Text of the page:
Huser CA, Gilroy KL, de Ridder J, et al.
Insertional mutagenesis and deep profiling reveals gene hierarchies and a Myc/p53-dependent bottleneck in lymphomagenesis.
PLoS Genet. 2014; 10(2):e1004167 [PubMed] Free Access to Full Article Related Publications
Retroviral insertional mutagenesis (RIM) is a powerful tool for cancer genomics that was combined in this study with deep sequencing (RIM/DS) to facilitate a comprehensive analysis of lymphoma progression. Transgenic mice expressing two potent collaborating oncogenes in the germ line (CD2-MYC, -Runx2) develop rapid onset tumours that can be accelerated and rendered polyclonal by neonatal Moloney murine leukaemia virus (MoMLV) infection. RIM/DS analysis of 28 polyclonal lymphomas identified 771 common insertion sites (CISs) defining a 'progression network' that encompassed a remarkably large fraction of known MoMLV target genes, with further strong indications of oncogenic selection above the background of MoMLV integration preference. Progression driven by RIM was characterised as a Darwinian process of clonal competition engaging proliferation control networks downstream of cytokine and T-cell receptor signalling. Enhancer mode activation accounted for the most efficiently selected CIS target genes, including Ccr7 as the most prominent of a set of chemokine receptors driving paracrine growth stimulation and lymphoma dissemination. Another large target gene subset including candidate tumour suppressors was disrupted by intragenic insertions. A second RIM/DS screen comparing lymphomas of wild-type and parental transgenics showed that CD2-MYC tumours are virtually dependent on activation of Runx family genes in strong preference to other potent Myc collaborating genes (Gfi1, Notch1). Ikzf1 was identified as a novel collaborating gene for Runx2 and illustrated the interface between integration preference and oncogenic selection. Lymphoma target genes for MoMLV can be classified into (a) a small set of master regulators that confer self-renewal; overcoming p53 and other failsafe pathways and (b) a large group of progression genes that control autonomous proliferation in transformed cells. These findings provide insights into retroviral biology, human cancer genetics and the safety of vector-mediated gene therapy.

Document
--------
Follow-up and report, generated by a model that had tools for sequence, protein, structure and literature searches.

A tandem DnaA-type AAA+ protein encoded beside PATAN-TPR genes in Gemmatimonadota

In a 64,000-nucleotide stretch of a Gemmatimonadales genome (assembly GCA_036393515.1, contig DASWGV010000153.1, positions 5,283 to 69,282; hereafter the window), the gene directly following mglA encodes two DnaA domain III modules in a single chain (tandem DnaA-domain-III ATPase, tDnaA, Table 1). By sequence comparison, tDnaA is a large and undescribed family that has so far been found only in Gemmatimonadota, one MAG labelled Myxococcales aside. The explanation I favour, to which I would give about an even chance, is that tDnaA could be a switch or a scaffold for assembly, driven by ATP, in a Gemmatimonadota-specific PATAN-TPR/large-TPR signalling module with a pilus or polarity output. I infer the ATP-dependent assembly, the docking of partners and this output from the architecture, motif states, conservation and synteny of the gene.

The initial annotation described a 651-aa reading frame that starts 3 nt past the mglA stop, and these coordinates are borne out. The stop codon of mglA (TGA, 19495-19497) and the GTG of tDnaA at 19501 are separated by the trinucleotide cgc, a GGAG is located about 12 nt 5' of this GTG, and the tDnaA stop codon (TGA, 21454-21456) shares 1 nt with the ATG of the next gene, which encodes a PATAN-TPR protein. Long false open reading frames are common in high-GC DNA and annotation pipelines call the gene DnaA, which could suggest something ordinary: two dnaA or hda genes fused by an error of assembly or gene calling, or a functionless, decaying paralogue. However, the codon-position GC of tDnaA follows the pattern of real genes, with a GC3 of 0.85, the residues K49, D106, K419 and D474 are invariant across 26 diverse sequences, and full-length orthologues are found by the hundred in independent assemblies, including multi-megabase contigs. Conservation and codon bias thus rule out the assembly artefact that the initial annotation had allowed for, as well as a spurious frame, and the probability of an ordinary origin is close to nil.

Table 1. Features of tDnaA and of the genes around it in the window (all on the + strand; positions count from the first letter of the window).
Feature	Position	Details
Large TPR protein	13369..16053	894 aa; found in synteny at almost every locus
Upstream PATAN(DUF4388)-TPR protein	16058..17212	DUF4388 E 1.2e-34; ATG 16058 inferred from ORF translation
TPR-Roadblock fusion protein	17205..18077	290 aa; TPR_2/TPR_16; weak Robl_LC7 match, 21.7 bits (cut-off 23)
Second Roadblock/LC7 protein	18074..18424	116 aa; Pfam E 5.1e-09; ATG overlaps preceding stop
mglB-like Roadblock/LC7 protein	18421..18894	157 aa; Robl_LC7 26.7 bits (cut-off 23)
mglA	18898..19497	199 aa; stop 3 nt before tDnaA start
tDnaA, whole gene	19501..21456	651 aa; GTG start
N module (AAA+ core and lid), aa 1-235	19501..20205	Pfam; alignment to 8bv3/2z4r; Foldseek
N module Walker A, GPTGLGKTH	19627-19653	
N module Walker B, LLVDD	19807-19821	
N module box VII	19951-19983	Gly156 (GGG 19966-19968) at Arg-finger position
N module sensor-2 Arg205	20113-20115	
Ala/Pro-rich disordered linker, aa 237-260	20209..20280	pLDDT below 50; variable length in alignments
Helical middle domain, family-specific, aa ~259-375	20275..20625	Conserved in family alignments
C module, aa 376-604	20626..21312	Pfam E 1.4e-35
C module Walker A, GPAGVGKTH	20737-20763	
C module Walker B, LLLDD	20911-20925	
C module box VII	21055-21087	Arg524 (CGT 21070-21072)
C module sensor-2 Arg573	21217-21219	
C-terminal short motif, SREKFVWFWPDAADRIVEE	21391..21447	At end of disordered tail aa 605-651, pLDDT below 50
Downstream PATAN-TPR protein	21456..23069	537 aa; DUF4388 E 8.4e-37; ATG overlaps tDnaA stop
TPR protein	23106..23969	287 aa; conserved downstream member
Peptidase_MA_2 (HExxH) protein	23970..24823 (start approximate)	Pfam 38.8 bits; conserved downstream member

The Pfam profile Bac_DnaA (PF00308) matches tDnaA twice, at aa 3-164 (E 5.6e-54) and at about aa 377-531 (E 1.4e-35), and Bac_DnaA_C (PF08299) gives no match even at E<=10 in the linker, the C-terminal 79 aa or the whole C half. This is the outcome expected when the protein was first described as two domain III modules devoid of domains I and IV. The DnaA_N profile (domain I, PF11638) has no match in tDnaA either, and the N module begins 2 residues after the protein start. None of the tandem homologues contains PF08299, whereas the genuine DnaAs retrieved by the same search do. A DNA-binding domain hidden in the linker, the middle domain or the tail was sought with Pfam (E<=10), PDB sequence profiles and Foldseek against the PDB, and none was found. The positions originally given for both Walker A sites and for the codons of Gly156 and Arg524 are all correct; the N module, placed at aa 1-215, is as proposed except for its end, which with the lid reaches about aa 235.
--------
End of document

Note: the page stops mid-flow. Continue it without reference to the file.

Velu CS, Chaubey A, Phelan JD, et al.
Therapeutic antagonists of microRNAs deplete leukemia-initiating cell activity.
J Clin Invest. 2014; 124(1):222-36 [PubMed] Free Access to Full Article Related Publications
Acute myelogenous leukemia (AML) subtypes that result from oncogenic activation of homeobox (HOX) transcription factors are associated with poor prognosis. The HOXA9 transcription activator and growth factor independent 1 (GFI1) transcriptional repressor compete for occupancy at DNA-binding sites for the regulation of common target genes. We exploited this HOXA9 versus GFI1 antagonism to identify the genes encoding microRNA-21 and microRNA-196b as transcriptional targets of HOX-based leukemia oncoproteins. Therapeutic inhibition of microRNA-21 and microRNA-196b inhibited in vitro leukemic colony forming activity and depleted in vivo leukemia-initiating cell activity of HOX-based leukemias, which led to leukemia-free survival in a murine AML model and delayed disease onset in xenograft models. These data establish microRNA as functional effectors of endogenous HOXA9 and HOX-based leukemia oncoproteins, provide a concise in vivo platform to test RNA therapeutics, and suggest therapeutic value for microRNA antagonists in AML.

Purizaca J, Contreras-Quiroz A, Dorantes-Acosta E, et al.
Lymphoid progenitor cells from childhood acute lymphoblastic leukemia are functionally deficient and express high levels of the transcriptional repressor Gfi-1.
Clin Dev Immunol. 2013; 2013:349067 [PubMed] Free Access to Full Article Related Publications